CONTEXT. Software Product Lines (SPLs) aim to support the development of a whole family of software products through systematic reuse of shared assets. As SPLs exhibit a long life-span, evolution is an even greater concern than for single-systems. For the purpose of this work, evolution refers to the adaptation of the SPL as a result of changing requirements. Hence, evolution is triggered by requirement changes, and not by bug fixing or refactoring.
OBJECTIVE. Research on SPL evolution has not been previously mapped. This work provides a mapping study along Petersen’s and Kichenham’s guidelines, to identify strong areas of knowledge, trends and gaps.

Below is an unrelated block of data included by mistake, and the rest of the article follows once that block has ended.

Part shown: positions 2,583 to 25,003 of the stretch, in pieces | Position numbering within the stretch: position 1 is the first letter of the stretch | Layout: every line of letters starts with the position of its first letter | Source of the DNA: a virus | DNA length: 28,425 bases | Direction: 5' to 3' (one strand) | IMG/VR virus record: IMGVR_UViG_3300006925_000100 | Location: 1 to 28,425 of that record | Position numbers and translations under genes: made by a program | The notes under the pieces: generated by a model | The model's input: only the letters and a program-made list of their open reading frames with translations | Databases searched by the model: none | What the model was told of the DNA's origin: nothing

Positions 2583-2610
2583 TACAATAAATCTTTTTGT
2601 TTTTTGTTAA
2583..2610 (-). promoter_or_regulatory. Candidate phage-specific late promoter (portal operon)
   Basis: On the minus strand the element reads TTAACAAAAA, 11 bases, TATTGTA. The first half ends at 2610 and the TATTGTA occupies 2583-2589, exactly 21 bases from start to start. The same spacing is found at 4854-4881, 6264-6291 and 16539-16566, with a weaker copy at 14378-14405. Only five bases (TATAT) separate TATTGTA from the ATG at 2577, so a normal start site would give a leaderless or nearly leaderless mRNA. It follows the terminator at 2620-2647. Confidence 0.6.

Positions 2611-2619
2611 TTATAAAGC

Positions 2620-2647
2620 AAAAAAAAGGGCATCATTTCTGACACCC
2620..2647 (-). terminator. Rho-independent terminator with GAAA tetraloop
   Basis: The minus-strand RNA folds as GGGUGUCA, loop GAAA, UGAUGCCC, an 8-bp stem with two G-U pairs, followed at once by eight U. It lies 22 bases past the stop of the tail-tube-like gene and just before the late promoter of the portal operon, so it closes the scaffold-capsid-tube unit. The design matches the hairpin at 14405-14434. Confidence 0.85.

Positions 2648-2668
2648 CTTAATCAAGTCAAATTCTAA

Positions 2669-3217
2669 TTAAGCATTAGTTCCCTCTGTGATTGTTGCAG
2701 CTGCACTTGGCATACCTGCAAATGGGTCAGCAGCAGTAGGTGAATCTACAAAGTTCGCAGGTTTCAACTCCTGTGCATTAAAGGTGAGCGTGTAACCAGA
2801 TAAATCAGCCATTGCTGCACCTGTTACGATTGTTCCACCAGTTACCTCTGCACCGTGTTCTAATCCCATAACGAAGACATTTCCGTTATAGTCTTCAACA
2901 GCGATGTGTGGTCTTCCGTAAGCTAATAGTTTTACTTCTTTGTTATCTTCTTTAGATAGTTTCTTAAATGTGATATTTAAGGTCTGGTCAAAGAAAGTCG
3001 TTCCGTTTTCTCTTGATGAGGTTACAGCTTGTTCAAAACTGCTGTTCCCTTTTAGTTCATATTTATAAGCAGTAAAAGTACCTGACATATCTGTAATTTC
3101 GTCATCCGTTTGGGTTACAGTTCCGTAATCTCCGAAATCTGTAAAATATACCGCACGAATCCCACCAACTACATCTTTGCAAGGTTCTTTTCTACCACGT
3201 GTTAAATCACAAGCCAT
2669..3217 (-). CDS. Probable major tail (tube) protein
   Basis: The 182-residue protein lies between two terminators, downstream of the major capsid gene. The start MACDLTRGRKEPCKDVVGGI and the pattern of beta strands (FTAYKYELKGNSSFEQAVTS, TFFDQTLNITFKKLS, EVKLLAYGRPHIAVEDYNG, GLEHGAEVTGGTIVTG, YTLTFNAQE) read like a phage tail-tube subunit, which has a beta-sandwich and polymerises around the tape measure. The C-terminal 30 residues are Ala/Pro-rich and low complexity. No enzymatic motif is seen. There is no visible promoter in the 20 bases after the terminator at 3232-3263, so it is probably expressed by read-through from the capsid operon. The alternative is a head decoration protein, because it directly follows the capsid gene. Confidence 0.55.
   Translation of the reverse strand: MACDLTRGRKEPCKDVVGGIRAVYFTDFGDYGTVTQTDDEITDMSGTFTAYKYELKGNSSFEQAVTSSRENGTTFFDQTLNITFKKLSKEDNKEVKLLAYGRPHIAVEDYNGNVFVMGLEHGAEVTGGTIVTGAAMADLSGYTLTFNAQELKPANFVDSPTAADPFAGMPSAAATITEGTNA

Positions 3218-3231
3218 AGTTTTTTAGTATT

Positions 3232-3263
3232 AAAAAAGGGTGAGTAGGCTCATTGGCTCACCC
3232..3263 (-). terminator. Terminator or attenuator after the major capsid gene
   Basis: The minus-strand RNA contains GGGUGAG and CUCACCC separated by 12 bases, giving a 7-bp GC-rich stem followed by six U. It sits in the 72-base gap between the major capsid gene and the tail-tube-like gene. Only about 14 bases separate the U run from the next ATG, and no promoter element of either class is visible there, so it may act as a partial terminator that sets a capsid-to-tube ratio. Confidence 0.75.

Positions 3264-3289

RESULTS. We identified 107 relevant contributions. They were classified according to four facets: evolution activity (e.g., identify, analyze and plan, implement), product-derivation approach (e.g., annotation-based, composition-based), research type (e.g., solution, experience, evaluation), and asset type (i.e., variability model, SPL architecture, code assets and products).
CONCLUSION. Analyses of the results indicate that ”Solution proposals” are the most common type of contribution (31%). Regarding the evolution activity, ”Implement change” (43%) and ”Analyze and plan change” (37%) are the most covered ones. A finer-grained analysis uncovered some tasks as being underexposed. A detailed description of the 107 papers is also included.
Pre-print available here: http://www.sciencedirect.com/science/article/pii/S0164121216301510
The Journal of Systems and Software
ONEKIN, UNIVERSITY OF THE BASQUE COUNTRY